Today, the United States of America celebrates Flag Day to commemorate the adoption of the flag of the United States, which happened that day by resolution of the Second Continental Congress in 1777. In 1916, President Woodrow Wilson issued a proclamation that officially established June 14 as Flag Day; in August 1949, National Flag Day was established by an Act of Congress.
This purple flag must to be known to all One Liberty One World citizens in the universe.
The nation that bears this flag is now the first state of One Liberty One World. Just like Delaware is the first state of the United States.
The Iroquois Confederacy (16th century or earlier) is older than the Powhatan Confederacy (late 16th and early 17th centuries), the Maratha Confederacy (from 1674 to 1818), and the Sikh Confederacy (1707-1799).
The Iroquois did not have link to European knowledge about Republic and Democracy.
A History Lesson
Historians in the 20th century have suggested the Iroquois system of government influenced the development of the Articles of Confederation or United States Constitution. Consensus has not been reached on how influential the Iroquois model was to the development of the United States’ documents. The influence thesis has been discussed by historians such as Donald Grinde and Bruce Johansen.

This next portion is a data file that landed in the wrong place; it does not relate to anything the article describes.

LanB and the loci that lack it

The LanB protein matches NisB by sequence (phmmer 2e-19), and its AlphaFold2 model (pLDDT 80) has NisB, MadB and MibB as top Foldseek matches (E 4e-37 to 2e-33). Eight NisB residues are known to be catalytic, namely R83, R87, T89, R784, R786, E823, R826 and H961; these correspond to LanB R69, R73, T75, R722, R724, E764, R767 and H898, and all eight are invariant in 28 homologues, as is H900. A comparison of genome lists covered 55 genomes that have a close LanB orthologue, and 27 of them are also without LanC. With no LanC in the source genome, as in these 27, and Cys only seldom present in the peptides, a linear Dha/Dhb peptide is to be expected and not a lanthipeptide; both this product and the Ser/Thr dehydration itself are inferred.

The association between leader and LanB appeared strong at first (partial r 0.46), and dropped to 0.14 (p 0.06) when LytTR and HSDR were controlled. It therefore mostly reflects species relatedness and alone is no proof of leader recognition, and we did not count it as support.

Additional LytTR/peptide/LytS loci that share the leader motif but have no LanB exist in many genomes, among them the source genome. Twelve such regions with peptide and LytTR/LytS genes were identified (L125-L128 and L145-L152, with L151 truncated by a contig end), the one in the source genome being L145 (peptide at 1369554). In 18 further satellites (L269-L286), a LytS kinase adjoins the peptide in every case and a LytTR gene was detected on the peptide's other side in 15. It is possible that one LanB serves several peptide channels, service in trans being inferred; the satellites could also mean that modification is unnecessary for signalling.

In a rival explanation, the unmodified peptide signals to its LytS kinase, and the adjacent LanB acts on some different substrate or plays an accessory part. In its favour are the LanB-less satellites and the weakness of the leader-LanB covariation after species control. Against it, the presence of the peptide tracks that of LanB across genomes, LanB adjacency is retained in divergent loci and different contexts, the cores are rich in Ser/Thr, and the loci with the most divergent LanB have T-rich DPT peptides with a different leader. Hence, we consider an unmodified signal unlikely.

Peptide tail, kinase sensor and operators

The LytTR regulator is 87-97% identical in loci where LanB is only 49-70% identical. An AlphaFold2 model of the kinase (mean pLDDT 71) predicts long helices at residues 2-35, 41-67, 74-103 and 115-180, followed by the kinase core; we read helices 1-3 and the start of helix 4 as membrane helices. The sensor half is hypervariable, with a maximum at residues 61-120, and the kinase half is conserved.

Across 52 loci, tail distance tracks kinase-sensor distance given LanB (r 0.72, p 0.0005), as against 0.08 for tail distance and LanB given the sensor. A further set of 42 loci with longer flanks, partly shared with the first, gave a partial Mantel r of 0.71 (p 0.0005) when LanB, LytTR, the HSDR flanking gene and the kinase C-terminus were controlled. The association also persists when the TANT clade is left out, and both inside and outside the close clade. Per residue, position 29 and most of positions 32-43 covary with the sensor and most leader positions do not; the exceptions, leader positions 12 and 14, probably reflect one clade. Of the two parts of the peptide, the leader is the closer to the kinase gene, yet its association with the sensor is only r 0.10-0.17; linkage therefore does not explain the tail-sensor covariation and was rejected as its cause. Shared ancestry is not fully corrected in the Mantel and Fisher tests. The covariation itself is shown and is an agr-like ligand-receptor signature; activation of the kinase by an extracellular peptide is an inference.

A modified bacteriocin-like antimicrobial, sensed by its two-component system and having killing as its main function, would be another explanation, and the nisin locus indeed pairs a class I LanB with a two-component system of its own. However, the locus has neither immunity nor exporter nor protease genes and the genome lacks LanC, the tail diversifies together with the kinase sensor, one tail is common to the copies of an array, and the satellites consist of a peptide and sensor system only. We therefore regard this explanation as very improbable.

Iroquois League, Five Nations, Six Nations
Iroquois Confederacy, also called Iroquois League, Five Nations, or (from 1722) Six Nations, confederation of five (later six) Indian tribes across upper New York state that during the 17th and 18th centuries played a strategic role in the struggle between the French and British for mastery of North America. The five Iroquois nations, characterizing themselves as “the people of the longhouse,” were the Mohawk, Oneida, Onondaga, Cayuga, and Seneca. After the Tuscarora joined in 1722, the confederacy became known to the English as the Six Nations and was recognized as such at Albany, New York (1722).
Tradition credits the formation of the confederacy, between 1570 and 1600, to Dekanawidah, born a Huron, who is said to have persuaded Hiawatha, an Onondaga living among Mohawks, to abandon cannibalism and advance “peace, civil authority, righteousness, and the great law” as sanctions for confederation. Cemented mainly by their desire to stand together against invasion, the tribes united in a common council composed of clan and village chiefs; each tribe had one vote, and unanimity was required for decisions. The joint jurisdiction of 50 peace chiefs, known as sachems, embraced all civil affairs at the intertribal level.